Lite as Snow
“La da dee, la da da” indeed. What you’re looking at is a line from “Come to the Woods” off Snowbird’s recent debut album Moon. It’s also as good a synopsis of the album as you’re likely to find– pretty, but ultimately a little too lightweight for its own good.
Snowbird makes for an interesting band on paper. One half of the duo is Simon Raymonde, an instrumentalist known for the creative bent he showed as a member of the Cocteau Twins, a Scottish shoegaze outfit that found major UK success back in the ’90s. Snowbird’s vocals are supplied by Chemical Brothers and Massive Attack collaborator Stephanie Dosen.
With those two in mind, you’d expect Moon to be a professional, competently designed and performed album, which it absolutely is. The album contains absolutely no rough edges; Dosen’s voice is pitch-perfect and consistent, while Raymonde’s contributions are thoughtful and well-matched to the vocals.
So how does Moon still manage to be such a dull album?
Turns out those rough edges are absolutely vital for excitement. If you take an individual track of Moon and give it a listen, you’ll be entertained. Sit down and go through every track, and you’ll likely be bored before you hit the halfway point. There’s a spark to truly good albums entirely independent of technical ability, and Snowbird has yet to find it.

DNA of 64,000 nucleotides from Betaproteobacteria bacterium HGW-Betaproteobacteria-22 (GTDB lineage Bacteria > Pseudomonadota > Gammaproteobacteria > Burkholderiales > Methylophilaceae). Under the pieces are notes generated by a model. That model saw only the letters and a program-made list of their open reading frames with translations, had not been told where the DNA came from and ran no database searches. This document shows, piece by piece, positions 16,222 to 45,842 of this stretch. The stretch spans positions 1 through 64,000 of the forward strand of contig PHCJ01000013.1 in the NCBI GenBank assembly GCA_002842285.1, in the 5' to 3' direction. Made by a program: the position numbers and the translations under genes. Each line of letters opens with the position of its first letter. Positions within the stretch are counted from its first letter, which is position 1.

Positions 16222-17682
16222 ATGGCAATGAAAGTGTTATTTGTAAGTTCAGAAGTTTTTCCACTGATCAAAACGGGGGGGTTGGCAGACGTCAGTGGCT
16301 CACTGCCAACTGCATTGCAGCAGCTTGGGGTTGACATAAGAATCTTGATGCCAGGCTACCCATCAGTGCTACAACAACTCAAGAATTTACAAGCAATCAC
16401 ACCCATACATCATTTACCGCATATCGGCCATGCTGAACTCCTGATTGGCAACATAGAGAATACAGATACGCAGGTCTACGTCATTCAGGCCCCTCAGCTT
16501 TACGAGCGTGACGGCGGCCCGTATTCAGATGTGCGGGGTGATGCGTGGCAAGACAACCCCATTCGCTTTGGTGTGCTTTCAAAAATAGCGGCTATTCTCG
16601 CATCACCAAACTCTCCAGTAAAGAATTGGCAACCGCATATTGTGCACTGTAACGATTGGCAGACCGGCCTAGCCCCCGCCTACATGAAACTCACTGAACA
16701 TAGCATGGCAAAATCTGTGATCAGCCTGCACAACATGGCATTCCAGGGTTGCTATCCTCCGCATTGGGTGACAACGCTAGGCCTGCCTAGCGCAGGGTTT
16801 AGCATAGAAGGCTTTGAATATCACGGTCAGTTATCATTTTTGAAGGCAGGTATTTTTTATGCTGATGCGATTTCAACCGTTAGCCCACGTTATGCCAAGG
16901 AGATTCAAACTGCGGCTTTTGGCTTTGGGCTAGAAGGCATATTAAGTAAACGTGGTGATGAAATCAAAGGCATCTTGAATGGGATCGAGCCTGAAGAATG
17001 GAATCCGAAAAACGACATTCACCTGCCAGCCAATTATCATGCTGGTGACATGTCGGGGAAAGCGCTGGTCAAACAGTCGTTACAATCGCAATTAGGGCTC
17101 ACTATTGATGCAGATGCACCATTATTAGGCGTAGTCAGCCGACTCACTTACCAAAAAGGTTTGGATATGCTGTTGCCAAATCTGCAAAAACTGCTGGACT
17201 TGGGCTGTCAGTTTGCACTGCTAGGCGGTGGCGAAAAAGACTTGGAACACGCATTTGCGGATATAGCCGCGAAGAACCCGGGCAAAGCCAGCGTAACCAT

Moon is a difficult album to judge. It’s an impressive piece of work, but a remarkably unvarying one. Every song contains the same layered, floating vocals played over a complementary piano line. Surprising moments, like the flute found on “All Wishes are Ghosts” or the lovely, atmospheric backdrop of “Porcelain” do little to break the monotony. It’s undeniably easy to enjoy a Snowbird song, heck, it’s possible to enjoy every one on this debut offering, but things get tricky once casual appreciation fades. At the end of the day, this isn’t the sort of album that needs your full attention – in fact, it would likely suffer from it. It makes for gorgeous background music. Grab it, play it, and you’ll probably come out of the experience feeling a little happier. But if you’re after an album to sit down with and really get to know from start to finish…Moon probably isn’t what you’re looking for.